Joint Neural Computation & Machine Learning Thesis Defense

  • Gates Hillman Centers
  • Traffic21 Classroom 6501
  • Ph.D. Student
  • Joint Ph.D. Program in Neural Computation & Machine Learning
  • Carnegie Mellon University
Thesis Orals

The When, Where and Why of Human Memory Retrieval

Memory retrieval is fundamental in our daily experiences, whether it is to recognize a friend, to decide what to order from a menu or to navigate on the street. The process of memory retrieval, however, is latent and embedded among other cognitive processes such as perceptual encoding, decision making, and motor response. To track precisely when memory retrieval takes place, my research isolates individual cognitive processes from observed neural signal, by modeling the psychological activity in subjects' minds as a sequence of latent stages.

With precise timing of when memory retrieval occurs, I then examine where in the brain there is greater activity during the moment of memory retrieval.  Developing a method that aligns neural recordings across subjects, and with better spatial resolution of an ECoG dataset, I provide a detailed mapping of the contributions of individual brain regions in a working memory task.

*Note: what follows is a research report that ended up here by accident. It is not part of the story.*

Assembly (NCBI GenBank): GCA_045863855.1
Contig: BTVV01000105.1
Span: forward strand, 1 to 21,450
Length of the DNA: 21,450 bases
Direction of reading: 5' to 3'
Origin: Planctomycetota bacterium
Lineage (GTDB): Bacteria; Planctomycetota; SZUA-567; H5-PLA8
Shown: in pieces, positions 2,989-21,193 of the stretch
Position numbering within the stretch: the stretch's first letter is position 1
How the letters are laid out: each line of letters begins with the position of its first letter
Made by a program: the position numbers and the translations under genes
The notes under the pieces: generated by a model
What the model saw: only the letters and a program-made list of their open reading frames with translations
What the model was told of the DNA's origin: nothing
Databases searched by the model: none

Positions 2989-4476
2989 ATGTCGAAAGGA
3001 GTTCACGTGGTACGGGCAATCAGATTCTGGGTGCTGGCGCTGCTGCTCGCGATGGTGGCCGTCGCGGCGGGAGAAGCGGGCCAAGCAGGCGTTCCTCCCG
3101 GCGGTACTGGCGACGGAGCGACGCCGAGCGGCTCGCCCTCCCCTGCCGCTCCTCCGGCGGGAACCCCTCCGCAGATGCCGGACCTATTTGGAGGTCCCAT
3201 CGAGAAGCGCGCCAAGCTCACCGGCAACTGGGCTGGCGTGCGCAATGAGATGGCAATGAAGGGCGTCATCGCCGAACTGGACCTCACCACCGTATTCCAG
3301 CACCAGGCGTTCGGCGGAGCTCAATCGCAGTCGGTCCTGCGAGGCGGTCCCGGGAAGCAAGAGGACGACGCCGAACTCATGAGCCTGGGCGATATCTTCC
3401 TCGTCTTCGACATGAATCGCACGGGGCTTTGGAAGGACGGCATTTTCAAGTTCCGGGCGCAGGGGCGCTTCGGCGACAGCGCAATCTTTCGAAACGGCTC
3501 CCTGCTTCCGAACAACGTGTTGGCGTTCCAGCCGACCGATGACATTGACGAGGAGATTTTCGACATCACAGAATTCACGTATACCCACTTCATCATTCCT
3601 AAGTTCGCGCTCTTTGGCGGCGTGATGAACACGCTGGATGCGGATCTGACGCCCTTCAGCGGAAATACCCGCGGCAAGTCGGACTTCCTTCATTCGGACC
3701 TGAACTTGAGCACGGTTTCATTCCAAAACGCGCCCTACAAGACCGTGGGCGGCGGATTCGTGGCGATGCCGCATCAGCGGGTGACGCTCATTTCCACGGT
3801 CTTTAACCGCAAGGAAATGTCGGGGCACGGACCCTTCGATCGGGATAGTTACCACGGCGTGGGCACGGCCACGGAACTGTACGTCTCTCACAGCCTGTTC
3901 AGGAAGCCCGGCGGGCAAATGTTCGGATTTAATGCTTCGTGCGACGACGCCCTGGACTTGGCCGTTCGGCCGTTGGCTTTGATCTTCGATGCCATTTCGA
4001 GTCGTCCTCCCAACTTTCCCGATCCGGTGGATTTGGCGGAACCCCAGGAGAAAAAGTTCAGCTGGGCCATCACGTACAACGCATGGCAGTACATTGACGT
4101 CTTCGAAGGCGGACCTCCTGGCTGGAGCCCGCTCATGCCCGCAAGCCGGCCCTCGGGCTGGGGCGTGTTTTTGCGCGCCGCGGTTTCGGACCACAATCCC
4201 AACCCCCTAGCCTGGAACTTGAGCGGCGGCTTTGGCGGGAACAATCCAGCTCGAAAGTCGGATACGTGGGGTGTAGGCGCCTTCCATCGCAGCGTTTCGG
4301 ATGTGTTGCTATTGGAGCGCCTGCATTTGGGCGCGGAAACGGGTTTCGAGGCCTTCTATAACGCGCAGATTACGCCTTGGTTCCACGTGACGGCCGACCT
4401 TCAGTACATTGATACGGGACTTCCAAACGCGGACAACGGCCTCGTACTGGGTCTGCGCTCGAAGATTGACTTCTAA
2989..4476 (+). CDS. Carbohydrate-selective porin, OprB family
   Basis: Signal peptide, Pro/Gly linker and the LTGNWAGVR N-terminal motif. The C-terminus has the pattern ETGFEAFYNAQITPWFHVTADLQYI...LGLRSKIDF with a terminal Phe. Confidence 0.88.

To further understand why memories are retrieved the way they are, I compare how well different cognitive mechanisms achieve the computational goal of a memory task. Principle of rationality posits that human cognition should adapt optimally to the task demands in the environment through learning and evolution. The more optimal cognitive mechanisms are more favorable to be used by human cognition. In a semantic fluency task, I demonstrate that an alternative memory search mechanism derived from reinforcement learning outperforms existing cognitive mechanisms both in their performance over simulations and in accounting for human behavioral data. 

As a whole, my thesis work provides an integrated theory of human memory retrieval by uncovering its temporal dynamics, neural correlates, and underlying computational goal. 

Thesis Committee:
John R. Anderson (Co-chair) 
Robert E. Kass (Co-chair) 
Leila Wehbe 
Kenneth A. Norman (Princeton Neuroscience Institute)

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